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Agonising wait for Waterbeach incinerator decision after public inquiry





Campaigners hoping to prevent a waste incinerator taller than Ely Cathedral being built next to homes and schools face months of waiting for a decision by the government.

Last year, Cambridgeshire County Council turned down an application by waste management company Amey to build an energy from waste plant on Levitt’s Field in Waterbeach. But the firm appealed against that decision and now nearby residents will have to wait until March 15 to hear the planning inspector’s recommendation following a three-week inquiry which finished on Friday (November 22).

Campaigners outside Shire Hall public inquiry into the proposed Waterbeach incinerator (22596439)
Campaigners outside Shire Hall public inquiry into the proposed Waterbeach incinerator (22596439)

The secretary of state for housing communities and local government will then make the final choice about whether the incinerator will be built.

A spokesperson for campaigners Cambridge Without Incineration said: “As a group we feel optimistic. We feel we have been listened to and we feel that there’s so many negative impacts of that development, because of the location and proximity
of it to where people live and schools,
that it is the wrong solution in the wrong place. And none of that has changed.

“There is really strong emerging data on air pollution that is damaging to health. So we are hopeful it will be listened to and that the bigger picture is factored in. And research published after the end of the inquiry can still be taken into account by the secretary of state.”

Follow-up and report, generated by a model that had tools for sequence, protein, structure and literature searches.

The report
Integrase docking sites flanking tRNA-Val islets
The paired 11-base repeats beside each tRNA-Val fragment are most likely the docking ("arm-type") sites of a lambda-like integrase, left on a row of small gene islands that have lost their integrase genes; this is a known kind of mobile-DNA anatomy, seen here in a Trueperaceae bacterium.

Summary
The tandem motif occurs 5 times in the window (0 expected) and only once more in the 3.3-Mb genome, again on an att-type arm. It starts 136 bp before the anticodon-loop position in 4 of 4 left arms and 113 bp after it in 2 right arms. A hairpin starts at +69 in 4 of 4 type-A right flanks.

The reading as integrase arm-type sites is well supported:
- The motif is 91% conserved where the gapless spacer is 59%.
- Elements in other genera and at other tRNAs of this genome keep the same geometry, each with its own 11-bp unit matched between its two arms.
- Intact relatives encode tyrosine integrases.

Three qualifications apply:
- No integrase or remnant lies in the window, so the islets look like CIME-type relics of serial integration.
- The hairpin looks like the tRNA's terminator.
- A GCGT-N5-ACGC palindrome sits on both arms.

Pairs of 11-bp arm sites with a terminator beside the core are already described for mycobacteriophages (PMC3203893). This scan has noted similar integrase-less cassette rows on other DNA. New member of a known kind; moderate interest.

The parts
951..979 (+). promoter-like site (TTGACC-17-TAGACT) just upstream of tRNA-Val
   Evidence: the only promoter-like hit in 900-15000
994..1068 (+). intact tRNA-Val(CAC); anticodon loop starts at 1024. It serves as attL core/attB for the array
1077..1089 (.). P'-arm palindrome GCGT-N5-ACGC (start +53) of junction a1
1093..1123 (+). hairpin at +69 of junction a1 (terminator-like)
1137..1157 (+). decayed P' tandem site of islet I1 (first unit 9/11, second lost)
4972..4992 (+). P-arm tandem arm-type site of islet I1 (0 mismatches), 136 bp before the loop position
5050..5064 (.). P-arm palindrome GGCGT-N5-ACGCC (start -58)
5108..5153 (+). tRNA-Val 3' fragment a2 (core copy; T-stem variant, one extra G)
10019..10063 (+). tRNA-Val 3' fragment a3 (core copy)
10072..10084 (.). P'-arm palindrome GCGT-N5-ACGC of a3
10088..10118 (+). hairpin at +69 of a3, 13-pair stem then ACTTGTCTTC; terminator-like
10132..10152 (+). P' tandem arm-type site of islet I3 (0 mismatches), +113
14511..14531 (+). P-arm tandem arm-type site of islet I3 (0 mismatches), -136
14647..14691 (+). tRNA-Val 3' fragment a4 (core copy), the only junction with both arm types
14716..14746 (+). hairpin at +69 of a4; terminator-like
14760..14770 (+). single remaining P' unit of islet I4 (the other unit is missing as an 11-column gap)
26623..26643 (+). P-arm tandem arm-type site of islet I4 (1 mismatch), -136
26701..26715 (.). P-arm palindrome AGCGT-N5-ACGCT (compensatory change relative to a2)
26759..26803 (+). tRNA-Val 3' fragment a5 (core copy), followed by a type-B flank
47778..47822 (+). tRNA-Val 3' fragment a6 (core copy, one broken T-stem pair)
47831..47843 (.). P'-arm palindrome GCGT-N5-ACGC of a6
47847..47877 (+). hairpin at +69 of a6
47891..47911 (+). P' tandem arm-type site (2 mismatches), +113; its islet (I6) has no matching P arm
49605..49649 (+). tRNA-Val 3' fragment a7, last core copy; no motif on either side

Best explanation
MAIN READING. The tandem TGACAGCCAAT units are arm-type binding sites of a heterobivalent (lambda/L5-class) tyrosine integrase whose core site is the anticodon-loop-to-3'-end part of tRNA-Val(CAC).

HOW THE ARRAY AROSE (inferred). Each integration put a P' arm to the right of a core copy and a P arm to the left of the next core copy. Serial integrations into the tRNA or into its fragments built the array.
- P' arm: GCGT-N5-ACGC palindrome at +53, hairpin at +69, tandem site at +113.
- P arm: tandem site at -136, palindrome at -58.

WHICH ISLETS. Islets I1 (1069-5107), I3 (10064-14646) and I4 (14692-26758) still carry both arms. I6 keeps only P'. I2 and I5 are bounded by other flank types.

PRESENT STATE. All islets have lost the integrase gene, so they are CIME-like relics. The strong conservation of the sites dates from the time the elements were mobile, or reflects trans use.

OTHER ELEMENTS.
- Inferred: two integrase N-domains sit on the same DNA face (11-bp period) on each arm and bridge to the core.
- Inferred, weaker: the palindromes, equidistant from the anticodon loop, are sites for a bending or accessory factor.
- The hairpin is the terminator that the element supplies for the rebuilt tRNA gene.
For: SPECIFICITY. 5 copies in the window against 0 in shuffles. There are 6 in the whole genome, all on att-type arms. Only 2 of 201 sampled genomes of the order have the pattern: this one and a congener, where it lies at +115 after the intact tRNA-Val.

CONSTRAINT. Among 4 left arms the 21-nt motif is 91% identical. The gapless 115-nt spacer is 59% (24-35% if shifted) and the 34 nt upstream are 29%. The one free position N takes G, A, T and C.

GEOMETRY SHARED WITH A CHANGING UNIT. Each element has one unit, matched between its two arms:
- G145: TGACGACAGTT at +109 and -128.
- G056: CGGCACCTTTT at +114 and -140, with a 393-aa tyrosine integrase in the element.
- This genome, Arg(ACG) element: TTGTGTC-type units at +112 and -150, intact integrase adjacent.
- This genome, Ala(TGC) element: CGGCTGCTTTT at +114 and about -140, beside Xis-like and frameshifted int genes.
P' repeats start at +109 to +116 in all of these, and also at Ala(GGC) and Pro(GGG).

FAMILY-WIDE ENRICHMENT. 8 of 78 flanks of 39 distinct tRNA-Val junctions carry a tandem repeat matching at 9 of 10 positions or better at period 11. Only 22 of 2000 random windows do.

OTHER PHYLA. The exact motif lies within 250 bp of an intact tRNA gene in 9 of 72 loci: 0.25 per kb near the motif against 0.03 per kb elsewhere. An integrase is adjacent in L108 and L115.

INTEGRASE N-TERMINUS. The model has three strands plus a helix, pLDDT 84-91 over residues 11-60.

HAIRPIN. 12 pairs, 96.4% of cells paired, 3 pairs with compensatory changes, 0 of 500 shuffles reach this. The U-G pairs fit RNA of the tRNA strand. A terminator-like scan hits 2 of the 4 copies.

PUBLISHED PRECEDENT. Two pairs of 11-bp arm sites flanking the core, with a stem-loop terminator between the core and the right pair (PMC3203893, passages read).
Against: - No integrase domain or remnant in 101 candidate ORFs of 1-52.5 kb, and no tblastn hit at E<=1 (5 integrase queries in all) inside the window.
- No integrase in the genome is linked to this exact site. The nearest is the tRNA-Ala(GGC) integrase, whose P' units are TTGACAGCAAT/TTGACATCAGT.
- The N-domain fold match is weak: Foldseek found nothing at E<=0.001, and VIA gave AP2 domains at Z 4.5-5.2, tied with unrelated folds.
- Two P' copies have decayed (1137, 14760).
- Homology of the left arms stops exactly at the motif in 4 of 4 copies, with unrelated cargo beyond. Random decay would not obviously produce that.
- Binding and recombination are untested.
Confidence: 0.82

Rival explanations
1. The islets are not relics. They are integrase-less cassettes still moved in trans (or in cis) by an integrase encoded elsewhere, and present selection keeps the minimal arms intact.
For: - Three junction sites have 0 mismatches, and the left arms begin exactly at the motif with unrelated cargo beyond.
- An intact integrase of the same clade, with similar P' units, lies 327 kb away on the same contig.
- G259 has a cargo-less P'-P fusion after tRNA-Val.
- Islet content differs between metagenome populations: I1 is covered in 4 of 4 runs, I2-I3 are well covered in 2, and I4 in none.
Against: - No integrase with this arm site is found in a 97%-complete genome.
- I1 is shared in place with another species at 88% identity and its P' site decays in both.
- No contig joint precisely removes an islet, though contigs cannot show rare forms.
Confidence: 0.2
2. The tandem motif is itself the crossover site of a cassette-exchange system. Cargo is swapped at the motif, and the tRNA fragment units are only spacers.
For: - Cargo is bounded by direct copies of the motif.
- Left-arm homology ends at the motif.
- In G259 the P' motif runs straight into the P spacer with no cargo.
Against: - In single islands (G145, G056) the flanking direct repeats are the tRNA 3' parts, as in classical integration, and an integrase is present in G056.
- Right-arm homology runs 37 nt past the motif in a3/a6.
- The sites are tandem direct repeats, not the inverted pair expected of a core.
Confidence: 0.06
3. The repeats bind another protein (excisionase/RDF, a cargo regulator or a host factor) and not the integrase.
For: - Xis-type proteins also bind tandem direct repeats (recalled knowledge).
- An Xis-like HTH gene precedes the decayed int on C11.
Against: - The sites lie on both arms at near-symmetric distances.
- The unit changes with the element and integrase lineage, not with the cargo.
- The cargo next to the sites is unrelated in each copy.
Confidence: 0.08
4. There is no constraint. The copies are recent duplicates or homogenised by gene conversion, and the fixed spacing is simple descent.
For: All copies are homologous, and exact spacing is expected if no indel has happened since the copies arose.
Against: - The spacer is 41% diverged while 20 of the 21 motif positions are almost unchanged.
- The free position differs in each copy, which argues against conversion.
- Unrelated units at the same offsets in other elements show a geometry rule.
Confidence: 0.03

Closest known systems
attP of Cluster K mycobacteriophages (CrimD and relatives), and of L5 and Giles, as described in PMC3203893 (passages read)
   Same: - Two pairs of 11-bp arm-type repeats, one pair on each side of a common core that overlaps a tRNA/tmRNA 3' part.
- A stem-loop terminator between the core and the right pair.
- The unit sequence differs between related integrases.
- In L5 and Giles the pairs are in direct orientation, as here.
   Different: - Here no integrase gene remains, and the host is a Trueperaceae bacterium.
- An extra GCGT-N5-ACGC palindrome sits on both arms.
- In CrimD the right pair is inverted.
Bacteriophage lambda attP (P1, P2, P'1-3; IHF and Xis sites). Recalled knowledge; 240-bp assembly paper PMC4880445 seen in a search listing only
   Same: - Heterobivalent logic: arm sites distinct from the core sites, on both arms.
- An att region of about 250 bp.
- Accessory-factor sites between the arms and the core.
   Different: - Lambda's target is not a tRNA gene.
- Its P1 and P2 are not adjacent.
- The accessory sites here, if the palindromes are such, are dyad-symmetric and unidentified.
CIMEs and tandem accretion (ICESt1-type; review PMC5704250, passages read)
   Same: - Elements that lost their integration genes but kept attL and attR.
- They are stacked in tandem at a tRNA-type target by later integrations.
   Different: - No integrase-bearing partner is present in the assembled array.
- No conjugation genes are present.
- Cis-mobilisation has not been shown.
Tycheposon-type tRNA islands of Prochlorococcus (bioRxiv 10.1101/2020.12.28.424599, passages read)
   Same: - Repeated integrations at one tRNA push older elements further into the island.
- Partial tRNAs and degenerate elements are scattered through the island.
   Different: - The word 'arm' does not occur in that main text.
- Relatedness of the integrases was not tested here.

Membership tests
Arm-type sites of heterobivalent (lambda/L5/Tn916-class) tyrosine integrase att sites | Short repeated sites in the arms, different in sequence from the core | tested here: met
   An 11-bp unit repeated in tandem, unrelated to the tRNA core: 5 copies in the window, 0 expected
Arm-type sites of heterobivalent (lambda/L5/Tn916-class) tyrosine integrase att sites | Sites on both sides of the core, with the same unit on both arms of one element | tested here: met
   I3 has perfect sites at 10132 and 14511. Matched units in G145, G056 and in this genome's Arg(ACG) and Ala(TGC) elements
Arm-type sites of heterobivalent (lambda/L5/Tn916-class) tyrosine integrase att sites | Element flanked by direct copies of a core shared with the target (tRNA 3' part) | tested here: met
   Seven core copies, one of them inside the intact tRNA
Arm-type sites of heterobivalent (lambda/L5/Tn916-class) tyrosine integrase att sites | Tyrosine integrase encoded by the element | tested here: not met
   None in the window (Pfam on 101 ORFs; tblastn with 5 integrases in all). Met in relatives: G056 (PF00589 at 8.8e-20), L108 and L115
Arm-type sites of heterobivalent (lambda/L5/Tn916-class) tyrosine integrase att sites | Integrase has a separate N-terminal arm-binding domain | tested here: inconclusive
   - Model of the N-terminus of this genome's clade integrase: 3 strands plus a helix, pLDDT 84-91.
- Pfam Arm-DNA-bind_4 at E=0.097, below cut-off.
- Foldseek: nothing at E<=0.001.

Planning Inspector John Woolcock at Denny Abbey and The Farmland Museum with other representatives regarding the Incinerator inquiry. Picture: Keith Heppell. (22596469)
Planning Inspector John Woolcock at Denny Abbey and The Farmland Museum with other representatives regarding the Incinerator inquiry. Picture: Keith Heppell. (22596469)

One of the main grounds on which the council rejected the incinerator was its effect on nearby heritage site, Denny Abbey. Amey, which already runs a recycling centre in Waterbeach, has offered a series of measure to ‘mitigate’ the impact on the historic monument.

However, Historic England, the owners of Denny Abbey, has stated that while “the mitigation package has the potential to bring heritage benefits to the site” it would “not offset the harm which would be caused to the significance of the scheduled monument from the impact of the development on the setting of Denny Abbey”.

A spokesperson for Amey said: “An energy from waste facility on this site is undoubtedly the best outcome for Cambridgeshire. The proposed facility has strong environmental and social benefits, including local jobs and the potential to supply low carbon heat as well as electricity. It remains a strong proposal which we believe the inspector and secretary of state should support.”


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